More broadly, the competition between Asian neighbors to appropriate resources of shared rivers by building dams, reservoirs and other structures is fostering distrust and discord and exacerbating impacts on ecosystems. Water has become an instrument of power in interstate relations. This holds important implications for Asia’s future.
Asia’s economic rise has been aided by peace and stability. But the upsurge of resource and territorial disputes has underscored the looming dangers. Various developments are highlighting the linkage between water and peace.
In the coming years, water scarcity is likely to become Asia’s defining crisis, creating obstacles in its path of continued rapid economic growth and stoking new inter-country tensions. Water, of course, is not the only resource whose availability has come under pressure owing to Asia’s rapid economic rise. But it is the most critical one, for which there is no substitute.
To underpin peace and cooperation, Asian states must manage transnational water resources on the basis of transparency, collaboration, sharing and dispute settlement.
Brahma Chellaney is the author of “Water, Peace, and War: Confronting the Global Water Crisis” and “Water: Asia’s New Battleground.”


Dr. Ozgur  Arslan-Ayaydin, CAPRC advisory board Member; Dr. Mehmet  Baha Karan , CAPRC associate board member and regional Coordinator; and Dr. Andre’ Dorsman,  a CAPRC Supporter; jointly announced the publication of their new book, “Energy and Finance: Sustainability in the Energy Industry”.

41DLqEqcVpL__SX330_BO1,204,203,200_The book analyses how socially responsible investments as well as the rising importance of Islamic finance are linked to the shift towards renewable energy. Academics and practitioners in the field take a global perspective and present case studies from several countries. The book is divided into three parts: The first part sheds new light on the energy shift towards renewable energy. The second shows the increasing interest of investors in sustainability, and the authors argue that investors not only look at expected returns and risks, but also at social returns. Finally, the third part explains the need for social returns in Islamic finance, which cannot be explained by traditional finance theory. This is the fifth volume in a series on energy organized by the Centre for Energy and Value Issues (CEVI).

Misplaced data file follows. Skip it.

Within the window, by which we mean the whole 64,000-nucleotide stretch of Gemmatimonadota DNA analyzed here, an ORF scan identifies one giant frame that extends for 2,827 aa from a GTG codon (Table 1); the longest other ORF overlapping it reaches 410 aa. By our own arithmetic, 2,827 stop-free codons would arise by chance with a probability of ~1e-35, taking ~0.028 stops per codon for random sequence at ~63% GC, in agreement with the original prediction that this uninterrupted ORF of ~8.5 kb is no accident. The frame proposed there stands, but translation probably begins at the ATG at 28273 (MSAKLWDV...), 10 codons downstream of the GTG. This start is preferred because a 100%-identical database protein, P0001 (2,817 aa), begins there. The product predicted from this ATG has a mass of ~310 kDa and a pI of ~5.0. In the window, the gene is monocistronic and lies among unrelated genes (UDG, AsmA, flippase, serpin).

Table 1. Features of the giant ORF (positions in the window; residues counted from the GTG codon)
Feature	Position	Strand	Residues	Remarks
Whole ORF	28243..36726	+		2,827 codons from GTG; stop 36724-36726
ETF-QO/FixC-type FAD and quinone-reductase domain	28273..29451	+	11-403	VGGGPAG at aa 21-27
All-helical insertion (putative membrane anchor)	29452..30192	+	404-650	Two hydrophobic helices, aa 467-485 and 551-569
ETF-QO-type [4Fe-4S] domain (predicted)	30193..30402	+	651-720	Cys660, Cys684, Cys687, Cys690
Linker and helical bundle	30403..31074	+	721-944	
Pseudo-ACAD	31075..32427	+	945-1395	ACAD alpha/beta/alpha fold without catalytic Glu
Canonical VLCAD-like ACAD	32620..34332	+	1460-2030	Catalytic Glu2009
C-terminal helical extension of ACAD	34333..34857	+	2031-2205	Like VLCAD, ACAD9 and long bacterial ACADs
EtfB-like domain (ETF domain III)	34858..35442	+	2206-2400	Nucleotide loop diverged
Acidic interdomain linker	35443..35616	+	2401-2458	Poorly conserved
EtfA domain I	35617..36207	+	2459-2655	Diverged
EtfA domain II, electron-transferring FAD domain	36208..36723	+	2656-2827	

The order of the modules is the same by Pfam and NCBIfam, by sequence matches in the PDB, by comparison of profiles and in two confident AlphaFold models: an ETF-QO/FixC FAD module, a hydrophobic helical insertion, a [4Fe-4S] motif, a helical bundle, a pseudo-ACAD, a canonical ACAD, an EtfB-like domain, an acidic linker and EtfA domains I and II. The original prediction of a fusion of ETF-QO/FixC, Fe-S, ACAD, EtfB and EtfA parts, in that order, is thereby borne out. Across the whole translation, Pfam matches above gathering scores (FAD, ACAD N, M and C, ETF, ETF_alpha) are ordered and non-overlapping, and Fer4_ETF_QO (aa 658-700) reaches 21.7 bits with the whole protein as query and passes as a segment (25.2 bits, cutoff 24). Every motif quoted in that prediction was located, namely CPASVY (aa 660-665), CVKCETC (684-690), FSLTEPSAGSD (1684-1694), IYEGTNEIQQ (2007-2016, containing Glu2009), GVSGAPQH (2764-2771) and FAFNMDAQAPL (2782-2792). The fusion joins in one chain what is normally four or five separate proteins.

CLICK HERE to purchase your copy

Prof. Dr. Mehmet Baha Karan has been with Hacettepe University’s Business Administration Department, in Ankara, Turkey,  since 1995. He is the former vice dean, faculty of economics and administration science and chairperson. In l997, he founded the Hacettepe University Financial  Research Center (HUFAM). Dr. Karan also has organized some of Turkey’s leading Professional conferences and has served as the chair for the Finance Society; president of the Multinational Finance Society; vice president, Center for Energy and Value;  co-director, Turkish Regional Chapter, Professional Risk Managers’ International  Association;  and serves on the independent board for two publicly-traded companies.
Prof. Dr. Arslan-Ayaydin PhD is a clinical associate Professor in  the finance department of University of Illinois at Chicago. She also is vice president for the Center  for Energy and Value Issues (CEVI) based in The  Netherlands, and expert evaluator for the  European Commission. Her research Interests are corporate finance, Investments and Islamic Banking and Finance. She is the recipient of UIC’s Silver Circle  Award for her outstanding teaching and a Jean Monnet Scholar of the European Commission.

September 23, 2016
US Ambassador Spratlen on USAID Agricultural Value Chains (AVC) Project Inauguration Ceremony
Posted by: CAPRC Agriculture Committee  John Hackney, CAPRC Chairman
Source: American-Uzbekistan Chamber Of Commerce; Washington, D.C.
Ассалом aлейкум, доброе утро, and Good morning to everyone! Especially to Dr. Kasimov, I want to thank you for your warm welcome and for everything you have done to bring us to this point today.
On February 13 of 2015 – it is hard to believe – we gathered together with our Uzbek partners here to inaugurate a state-of-the-art micro-propagation technology facility, known as the Tissue Culture Laboratory, at the Mirzaev Horticulture Institute. The overall objective of the Laboratory is to improve the quality of plants to increase horticultural production in Uzbekistan.
Today, we again celebrate here at Mirzaev the launch of a new agricultural project, as you have heard, called the Agricultural Value Chains. Today’s broad participation of farmers, business, and government exemplifies the strong partnerships we have forged across Uzbekistan in the twelve provinces and 33 districts where the project will operate.
Since 2008, USAID has partnered with Uzbekistan on horticultural sector projects through various projects.  We are proud of our close coordination with the Government of Uzbekistan and our mutual efforts to strengthen horticultural practices, create better livelihoods, and meet international demands for the highest quality produce.
And I would like to associate myself with a very important point that Dr. Kasimov made in his remarks, and that is that this project is a logical continuation of our past work. And as a result of our past work, we have already witnessed letters of intent worth more than $300 million between Uzbek growers and international buyers of horticultural produce through business to business trade missions in Samarkand, and Fergana.